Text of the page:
A Network Approach to Assessing the Relationship between Discrimination and Daily Emotion Dynamics

Faith M. Deckard, Andrew Messamore, Bridget J. Goosby, Jacob E. Cheadle

Research output: Contribution to journalArticlepeer-review

1 Scopus citations


Discrimination-health research has been critiqued for neglecting the endogeneity of reports of discrimination to negative affect and the multidimensionality of mental health. To address these challenges, we model discrimination’s relationship to multiple psychological variables without directional constraints. Using time-dense data to identify associational network structures allows for joint testing of the social stress hypothesis, prominent in discrimination-health literature, and the negativity bias hypothesis, an endogeneity critique rooted in social psychology. Our results show discrimination predicts negative emotions from day-to-day but not vice versa, indicating that racial discrimination is a risk factor and not symptom of negative emotion. Furthermore, we identify sadness, guilt, hostility, and fear as a locus of interrelated emotions sensitive to racism-related stressors that emerges over time. Thus, we find support for what race scholars have argued for 120+ years in a model without a priori directional restrictions and then build on this work by empirically identifying cascading mental health consequences of discrimination.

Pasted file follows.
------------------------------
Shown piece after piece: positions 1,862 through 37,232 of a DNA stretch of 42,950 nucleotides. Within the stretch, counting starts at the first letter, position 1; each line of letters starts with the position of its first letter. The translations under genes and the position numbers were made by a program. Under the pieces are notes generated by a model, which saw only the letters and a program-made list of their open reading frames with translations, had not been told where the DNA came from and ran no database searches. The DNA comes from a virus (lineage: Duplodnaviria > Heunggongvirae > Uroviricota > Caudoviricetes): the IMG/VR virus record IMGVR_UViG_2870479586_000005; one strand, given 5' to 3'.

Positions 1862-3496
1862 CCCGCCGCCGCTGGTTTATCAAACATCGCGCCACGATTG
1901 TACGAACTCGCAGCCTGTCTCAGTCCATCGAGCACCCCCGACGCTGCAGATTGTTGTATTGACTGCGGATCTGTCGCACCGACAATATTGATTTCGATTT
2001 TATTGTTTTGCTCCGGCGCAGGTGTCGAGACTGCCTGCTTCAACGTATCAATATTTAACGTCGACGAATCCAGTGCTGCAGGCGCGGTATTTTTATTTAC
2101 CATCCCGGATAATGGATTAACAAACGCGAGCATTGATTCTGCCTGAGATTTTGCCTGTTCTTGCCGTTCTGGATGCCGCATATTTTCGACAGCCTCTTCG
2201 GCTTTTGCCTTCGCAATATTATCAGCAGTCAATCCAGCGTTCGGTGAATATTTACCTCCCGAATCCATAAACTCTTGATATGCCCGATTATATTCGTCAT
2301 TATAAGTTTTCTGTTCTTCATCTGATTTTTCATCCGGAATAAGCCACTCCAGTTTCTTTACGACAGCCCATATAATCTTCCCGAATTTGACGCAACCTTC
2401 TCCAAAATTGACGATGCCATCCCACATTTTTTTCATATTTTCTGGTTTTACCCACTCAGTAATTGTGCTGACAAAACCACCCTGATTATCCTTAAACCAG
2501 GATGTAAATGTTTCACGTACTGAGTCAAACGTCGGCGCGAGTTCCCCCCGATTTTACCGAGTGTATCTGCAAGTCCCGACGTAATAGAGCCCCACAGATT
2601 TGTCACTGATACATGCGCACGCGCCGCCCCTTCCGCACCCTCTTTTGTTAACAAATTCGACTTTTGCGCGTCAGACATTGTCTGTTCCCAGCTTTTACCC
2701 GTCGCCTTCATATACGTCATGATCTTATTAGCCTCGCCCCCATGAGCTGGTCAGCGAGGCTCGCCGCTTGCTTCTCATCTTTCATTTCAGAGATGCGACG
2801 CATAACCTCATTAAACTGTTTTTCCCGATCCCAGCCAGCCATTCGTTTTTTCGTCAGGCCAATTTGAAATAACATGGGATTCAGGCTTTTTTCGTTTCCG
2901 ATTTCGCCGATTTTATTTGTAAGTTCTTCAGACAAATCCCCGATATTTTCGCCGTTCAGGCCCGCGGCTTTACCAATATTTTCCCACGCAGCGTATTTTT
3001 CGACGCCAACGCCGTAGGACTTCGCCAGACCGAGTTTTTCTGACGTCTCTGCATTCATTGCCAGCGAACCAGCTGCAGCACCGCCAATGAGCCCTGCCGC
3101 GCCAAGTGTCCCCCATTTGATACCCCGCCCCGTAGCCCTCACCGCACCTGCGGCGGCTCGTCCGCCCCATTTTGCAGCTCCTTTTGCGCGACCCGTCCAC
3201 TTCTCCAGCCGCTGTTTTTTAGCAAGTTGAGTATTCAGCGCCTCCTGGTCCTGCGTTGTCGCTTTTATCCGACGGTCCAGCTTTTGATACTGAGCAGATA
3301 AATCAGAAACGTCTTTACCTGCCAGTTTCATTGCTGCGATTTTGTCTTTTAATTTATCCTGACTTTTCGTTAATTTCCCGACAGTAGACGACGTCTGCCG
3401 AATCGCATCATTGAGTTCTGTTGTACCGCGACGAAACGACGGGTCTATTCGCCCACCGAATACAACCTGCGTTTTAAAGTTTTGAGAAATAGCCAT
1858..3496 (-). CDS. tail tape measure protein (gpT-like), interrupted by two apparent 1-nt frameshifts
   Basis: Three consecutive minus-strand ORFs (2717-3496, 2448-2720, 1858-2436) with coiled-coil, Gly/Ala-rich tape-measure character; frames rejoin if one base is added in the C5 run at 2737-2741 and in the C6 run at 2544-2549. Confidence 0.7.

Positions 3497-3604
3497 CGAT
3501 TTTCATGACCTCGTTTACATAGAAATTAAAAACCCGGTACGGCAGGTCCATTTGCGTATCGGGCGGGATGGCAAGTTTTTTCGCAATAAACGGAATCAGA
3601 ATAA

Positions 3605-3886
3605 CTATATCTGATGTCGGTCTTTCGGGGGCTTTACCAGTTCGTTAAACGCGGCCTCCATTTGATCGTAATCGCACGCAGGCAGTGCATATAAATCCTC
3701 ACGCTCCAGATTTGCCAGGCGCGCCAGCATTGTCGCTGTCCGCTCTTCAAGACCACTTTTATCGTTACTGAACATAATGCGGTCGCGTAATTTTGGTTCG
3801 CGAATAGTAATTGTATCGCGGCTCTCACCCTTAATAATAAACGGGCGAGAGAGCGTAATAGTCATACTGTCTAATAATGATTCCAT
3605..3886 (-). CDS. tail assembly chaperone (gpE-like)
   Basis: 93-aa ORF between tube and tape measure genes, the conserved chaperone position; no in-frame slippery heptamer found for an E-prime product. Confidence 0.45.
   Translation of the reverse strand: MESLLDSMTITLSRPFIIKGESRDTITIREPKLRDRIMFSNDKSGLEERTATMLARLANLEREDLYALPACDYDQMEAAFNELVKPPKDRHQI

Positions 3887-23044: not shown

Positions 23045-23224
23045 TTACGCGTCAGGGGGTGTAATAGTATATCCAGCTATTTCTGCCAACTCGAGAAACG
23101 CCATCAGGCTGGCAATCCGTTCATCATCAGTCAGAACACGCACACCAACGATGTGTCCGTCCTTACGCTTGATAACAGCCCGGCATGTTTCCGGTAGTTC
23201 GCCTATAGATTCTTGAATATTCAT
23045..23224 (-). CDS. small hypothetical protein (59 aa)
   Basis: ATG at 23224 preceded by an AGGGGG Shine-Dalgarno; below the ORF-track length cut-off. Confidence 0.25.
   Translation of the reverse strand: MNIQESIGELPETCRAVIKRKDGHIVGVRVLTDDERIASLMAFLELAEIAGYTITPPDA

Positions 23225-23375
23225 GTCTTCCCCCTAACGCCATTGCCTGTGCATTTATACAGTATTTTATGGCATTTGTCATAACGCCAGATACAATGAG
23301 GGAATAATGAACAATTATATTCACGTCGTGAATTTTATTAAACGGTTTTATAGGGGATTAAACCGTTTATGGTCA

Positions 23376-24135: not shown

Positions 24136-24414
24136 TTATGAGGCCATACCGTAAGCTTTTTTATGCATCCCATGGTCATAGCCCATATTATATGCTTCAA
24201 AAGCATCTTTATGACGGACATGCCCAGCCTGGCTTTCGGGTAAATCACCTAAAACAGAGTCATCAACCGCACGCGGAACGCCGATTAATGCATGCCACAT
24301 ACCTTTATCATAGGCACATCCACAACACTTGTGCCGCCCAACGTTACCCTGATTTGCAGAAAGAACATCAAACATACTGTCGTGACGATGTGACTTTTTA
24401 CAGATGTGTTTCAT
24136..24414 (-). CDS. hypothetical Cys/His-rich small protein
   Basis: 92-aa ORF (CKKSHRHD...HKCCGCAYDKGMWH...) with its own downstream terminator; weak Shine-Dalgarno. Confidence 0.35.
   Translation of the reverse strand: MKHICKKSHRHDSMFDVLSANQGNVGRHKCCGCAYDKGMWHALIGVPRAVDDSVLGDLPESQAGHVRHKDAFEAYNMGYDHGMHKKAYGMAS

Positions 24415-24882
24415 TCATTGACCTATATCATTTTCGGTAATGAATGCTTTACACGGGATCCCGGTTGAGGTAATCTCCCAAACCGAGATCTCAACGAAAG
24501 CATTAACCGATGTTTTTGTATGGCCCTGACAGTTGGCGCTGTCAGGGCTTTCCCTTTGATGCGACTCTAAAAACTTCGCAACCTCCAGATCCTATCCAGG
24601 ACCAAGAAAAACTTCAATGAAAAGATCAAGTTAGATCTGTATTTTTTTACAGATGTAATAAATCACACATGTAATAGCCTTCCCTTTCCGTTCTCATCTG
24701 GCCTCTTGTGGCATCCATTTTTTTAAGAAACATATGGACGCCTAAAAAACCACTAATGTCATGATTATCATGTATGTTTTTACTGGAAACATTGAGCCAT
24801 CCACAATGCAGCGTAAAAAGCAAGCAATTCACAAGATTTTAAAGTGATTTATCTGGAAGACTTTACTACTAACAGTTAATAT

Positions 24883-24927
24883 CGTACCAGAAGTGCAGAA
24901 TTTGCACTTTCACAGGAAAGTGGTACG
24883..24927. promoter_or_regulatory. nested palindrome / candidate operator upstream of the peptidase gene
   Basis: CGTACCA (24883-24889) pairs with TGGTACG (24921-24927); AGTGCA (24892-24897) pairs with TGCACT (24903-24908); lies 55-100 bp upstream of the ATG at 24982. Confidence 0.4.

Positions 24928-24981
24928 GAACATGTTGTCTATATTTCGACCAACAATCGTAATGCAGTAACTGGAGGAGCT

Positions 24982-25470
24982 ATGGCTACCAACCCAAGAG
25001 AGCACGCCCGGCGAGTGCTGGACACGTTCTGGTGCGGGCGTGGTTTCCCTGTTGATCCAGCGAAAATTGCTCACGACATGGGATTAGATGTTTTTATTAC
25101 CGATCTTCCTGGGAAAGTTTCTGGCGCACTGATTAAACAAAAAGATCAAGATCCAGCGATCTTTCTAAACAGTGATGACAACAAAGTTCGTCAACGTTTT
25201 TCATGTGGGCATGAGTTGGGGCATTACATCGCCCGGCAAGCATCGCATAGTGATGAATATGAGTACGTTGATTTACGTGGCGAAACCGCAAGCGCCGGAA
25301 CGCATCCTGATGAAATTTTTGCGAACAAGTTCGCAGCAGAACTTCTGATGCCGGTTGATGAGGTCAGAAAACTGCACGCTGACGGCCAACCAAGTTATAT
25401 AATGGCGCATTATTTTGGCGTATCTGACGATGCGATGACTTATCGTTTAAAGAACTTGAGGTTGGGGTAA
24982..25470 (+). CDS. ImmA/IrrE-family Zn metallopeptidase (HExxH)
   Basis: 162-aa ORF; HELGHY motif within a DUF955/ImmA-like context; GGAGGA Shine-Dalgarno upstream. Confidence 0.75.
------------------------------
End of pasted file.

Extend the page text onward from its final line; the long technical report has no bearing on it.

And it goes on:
Original languageEnglish (US)
Pages (from-to)334-356
Number of pages23
JournalSocial Psychology Quarterly
Issue number3
StatePublished - Sep 2023
Externally publishedYes


  • daily diary
  • emotions
  • negativity bias hypothesis
  • network methods
  • racial discrimination
  • social stress hypothesis

ASJC Scopus subject areas

  • Social Psychology


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